In spite of what I’ve said about the help I know I’m receiving, I feel more alone than ever sometimes. Can you understand this sort of rather paradoxical situation? And yet having said that, perhaps I only now realise how really truly alone I was before, and how much more happy and inner-cleansed (!) I feel now when something turns up where I can try and help. Since I opened up my thoughts to David about H that time, we’ve been much closer, and often have long chats and discussions about things and ideas I’ve never talked about with anyone before. We are all the same, yet how remarkably different we all are! We all go through the same process, yet what infinite graduations [gradations, maybe] mould us into the strange, crazy beings we are. And yet in spite of the continual presence of the Good Lord, (and also my guardian angel ˗ I’d carefully forgotten about him for some time) I find it very easy to sink deep into despair when I don’t seem to overcome faults (when I don’t even seem to want to!) and desperately want to cry out for the helping hand that I need to hold to get me through. Still I think perhaps it’s better to be that much more alive than to be vegetating, soul-wise, as I was before.
You didn’t know you’d raised a lunatic; though you must have guessed it by now from all the ravings above. Not to worry, I’ve discovered in the last few weeks just how unbelievably understanding mothers are too!
I’m now about to change the subject entirely, so you can start to relax again. This last week has been rather hectic as it’s been the end of the term for the Opera Centre, and I managed to get to see both their shows as well as going to The Rake’s Progress at the Wells on Thursday night. This is an opera by Stravinsky ˗ set to an English text, and has some very funny moments, and some very tender ones and some very tense ones, and finally some very movingly sad ones. In short all the sorts of things that the best story-tellers have been using since time immemorial. And the music is some of the most melodic and rhythmic that Stravinsky has written. The Wells do it very well too ˗ it happens by chance to be very much associated with them rather than with an American company as one might expect since it was written over there. (But first performed in Italy, incredibly!)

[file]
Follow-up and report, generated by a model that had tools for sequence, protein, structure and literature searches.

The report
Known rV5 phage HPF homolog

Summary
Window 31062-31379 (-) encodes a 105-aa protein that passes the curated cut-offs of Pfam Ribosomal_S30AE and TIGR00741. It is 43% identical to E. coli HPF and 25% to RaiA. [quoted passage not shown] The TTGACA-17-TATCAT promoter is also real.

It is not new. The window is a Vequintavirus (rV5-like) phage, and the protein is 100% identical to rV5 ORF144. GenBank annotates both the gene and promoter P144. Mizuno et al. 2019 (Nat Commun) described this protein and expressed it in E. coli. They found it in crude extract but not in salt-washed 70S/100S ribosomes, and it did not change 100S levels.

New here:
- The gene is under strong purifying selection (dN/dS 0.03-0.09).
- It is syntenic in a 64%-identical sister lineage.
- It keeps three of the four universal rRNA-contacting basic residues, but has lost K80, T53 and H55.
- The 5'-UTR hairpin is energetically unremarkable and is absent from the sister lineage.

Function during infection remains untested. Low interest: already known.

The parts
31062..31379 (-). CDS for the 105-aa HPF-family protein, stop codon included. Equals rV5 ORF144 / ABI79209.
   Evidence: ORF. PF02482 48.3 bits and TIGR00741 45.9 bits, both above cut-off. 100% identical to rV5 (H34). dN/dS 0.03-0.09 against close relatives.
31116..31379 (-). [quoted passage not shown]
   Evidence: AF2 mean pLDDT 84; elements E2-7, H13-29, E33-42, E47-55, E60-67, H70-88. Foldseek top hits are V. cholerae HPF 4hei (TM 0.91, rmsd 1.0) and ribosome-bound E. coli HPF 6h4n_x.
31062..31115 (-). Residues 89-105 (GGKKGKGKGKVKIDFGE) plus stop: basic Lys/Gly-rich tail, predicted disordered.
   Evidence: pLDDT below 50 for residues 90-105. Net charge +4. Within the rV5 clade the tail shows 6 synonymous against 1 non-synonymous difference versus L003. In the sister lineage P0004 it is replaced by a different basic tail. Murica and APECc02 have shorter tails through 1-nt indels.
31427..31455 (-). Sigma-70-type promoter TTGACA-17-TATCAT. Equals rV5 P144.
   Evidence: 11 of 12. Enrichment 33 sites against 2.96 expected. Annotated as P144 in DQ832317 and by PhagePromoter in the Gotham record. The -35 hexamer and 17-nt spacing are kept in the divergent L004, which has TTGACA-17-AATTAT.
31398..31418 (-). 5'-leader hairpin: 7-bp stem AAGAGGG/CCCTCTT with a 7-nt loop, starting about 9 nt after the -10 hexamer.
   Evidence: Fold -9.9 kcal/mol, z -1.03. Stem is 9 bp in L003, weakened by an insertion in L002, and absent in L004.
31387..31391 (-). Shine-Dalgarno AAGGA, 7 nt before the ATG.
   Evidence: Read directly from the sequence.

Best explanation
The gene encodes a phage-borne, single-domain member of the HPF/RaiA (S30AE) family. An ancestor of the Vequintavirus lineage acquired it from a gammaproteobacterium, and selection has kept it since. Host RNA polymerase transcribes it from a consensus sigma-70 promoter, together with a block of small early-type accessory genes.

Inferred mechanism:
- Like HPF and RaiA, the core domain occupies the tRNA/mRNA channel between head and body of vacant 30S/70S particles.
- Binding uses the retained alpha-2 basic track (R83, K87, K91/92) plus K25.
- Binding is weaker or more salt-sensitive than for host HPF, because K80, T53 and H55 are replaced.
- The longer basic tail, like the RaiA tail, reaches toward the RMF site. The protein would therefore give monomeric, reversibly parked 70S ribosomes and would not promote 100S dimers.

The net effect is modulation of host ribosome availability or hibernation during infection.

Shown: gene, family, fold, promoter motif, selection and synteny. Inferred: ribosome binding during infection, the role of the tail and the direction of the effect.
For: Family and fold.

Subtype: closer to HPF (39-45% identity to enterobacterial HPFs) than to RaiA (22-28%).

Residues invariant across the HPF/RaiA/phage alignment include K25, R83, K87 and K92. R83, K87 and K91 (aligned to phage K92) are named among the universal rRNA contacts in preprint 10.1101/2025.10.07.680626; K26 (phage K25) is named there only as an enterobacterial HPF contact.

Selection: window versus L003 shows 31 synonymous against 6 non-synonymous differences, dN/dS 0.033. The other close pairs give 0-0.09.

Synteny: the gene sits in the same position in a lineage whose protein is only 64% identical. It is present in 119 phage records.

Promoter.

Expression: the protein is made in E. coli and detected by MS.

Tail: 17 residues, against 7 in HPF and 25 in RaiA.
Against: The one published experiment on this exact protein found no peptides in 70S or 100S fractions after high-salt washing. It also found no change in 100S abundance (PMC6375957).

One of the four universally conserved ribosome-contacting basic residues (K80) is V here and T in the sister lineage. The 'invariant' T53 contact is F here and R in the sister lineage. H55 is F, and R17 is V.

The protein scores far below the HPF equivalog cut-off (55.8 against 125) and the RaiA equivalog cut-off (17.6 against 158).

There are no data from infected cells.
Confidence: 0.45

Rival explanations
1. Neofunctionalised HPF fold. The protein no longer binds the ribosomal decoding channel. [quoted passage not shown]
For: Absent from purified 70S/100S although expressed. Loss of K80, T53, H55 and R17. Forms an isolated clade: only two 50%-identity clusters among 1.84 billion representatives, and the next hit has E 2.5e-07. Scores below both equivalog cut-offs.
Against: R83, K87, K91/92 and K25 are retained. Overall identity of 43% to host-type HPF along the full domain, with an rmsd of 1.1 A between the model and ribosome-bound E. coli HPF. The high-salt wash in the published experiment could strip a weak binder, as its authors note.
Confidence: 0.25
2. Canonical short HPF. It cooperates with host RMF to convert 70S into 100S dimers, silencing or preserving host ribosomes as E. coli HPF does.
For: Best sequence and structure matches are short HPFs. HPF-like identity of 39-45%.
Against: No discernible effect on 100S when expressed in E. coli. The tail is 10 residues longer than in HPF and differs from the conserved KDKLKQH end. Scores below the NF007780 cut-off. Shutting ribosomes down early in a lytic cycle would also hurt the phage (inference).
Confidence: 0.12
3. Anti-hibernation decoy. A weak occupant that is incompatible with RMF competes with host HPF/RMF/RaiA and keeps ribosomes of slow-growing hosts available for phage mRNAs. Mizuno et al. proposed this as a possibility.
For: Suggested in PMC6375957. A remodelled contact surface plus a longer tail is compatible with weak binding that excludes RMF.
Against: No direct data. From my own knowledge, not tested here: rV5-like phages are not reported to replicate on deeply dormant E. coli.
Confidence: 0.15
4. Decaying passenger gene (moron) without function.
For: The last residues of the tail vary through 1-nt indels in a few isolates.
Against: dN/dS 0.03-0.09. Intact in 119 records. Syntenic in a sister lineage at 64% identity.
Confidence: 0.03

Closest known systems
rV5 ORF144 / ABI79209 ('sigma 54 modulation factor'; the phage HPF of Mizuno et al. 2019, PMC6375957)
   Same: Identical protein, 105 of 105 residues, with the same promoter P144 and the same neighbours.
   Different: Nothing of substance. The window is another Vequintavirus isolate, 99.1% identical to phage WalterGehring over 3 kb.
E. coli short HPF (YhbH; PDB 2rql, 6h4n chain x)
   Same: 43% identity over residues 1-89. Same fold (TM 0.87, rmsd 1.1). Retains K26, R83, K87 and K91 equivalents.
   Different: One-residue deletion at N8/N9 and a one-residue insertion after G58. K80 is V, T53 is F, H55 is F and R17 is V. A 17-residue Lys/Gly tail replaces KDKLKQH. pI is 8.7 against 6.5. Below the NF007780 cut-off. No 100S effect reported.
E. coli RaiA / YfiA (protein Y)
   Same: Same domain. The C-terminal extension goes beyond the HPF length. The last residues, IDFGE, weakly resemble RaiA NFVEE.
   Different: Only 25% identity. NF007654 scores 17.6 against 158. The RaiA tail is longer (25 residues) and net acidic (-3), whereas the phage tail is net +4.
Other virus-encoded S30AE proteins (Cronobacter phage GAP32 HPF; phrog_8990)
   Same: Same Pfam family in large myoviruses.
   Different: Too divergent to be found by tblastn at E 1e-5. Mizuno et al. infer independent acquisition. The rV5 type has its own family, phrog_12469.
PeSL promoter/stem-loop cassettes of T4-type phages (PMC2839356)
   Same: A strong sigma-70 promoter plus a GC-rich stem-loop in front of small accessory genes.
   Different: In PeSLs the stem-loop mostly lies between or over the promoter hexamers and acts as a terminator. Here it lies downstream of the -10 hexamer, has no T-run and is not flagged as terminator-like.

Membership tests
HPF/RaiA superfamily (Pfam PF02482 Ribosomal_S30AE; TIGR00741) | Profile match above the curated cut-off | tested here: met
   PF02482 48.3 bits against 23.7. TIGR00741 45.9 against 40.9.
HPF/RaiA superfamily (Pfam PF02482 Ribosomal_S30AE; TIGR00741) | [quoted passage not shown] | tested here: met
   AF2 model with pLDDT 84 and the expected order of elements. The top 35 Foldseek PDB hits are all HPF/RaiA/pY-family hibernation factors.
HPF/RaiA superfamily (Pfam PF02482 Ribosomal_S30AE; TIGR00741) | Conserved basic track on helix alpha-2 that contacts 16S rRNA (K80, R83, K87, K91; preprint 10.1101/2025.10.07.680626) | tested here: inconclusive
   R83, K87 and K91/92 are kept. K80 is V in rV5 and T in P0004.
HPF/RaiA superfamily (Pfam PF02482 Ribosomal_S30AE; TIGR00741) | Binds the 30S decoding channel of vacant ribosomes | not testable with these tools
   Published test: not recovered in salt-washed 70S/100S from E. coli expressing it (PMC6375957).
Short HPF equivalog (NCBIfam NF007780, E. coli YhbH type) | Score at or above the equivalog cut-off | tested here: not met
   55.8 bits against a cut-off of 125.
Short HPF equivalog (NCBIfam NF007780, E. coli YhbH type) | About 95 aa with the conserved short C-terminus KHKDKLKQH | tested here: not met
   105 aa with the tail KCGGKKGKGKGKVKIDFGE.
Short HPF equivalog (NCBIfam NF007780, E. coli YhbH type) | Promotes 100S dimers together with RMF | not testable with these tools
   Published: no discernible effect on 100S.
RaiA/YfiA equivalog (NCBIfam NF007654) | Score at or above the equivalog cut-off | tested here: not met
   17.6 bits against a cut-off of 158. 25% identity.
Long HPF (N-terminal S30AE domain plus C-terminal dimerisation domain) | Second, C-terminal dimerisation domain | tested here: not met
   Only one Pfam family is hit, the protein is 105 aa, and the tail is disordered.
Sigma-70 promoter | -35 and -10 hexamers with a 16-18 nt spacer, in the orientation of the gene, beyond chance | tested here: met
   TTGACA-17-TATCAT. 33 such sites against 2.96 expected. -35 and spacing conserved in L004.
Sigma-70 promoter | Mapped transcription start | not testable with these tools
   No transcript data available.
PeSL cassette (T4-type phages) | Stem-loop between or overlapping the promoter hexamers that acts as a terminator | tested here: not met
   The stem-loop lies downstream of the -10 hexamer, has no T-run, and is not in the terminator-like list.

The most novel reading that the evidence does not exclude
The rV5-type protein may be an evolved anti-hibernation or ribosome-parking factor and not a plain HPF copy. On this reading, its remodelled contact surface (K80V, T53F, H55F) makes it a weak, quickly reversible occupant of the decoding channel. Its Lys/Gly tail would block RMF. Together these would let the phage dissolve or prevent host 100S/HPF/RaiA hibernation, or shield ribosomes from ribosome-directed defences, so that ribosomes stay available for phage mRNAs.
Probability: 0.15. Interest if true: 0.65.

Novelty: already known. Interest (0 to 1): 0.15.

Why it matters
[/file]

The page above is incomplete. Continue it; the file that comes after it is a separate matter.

The first of the Centre’s pieces is a rather bitsy affair called The Carmelites [Dialogues of the Carmelites] with, to quote David, some rather curious theology, and which finishes with the guillotining of about a dozen nuns, just off-stage. Not a very good piece really, though with many fine moments, and here with a well performed production. The other was a double bill of The Telephone (again!) [again, because I’d worked on this with the Dunedin Opera Company, and it had been done by the Centre as well], quite well done, and Malcolm Williamson’s four or five-year-old piece English Eccentrics, as a sort of vaudeville of 18th century eccentrics, gathered together to comment on each other and to perform their sad and mad little histories. This is by far the best thing I’ve seen the Centre do, though perhaps not having been in on it has biased me somewhat. But it was certainly a very fine production excellently performed. Love Mike.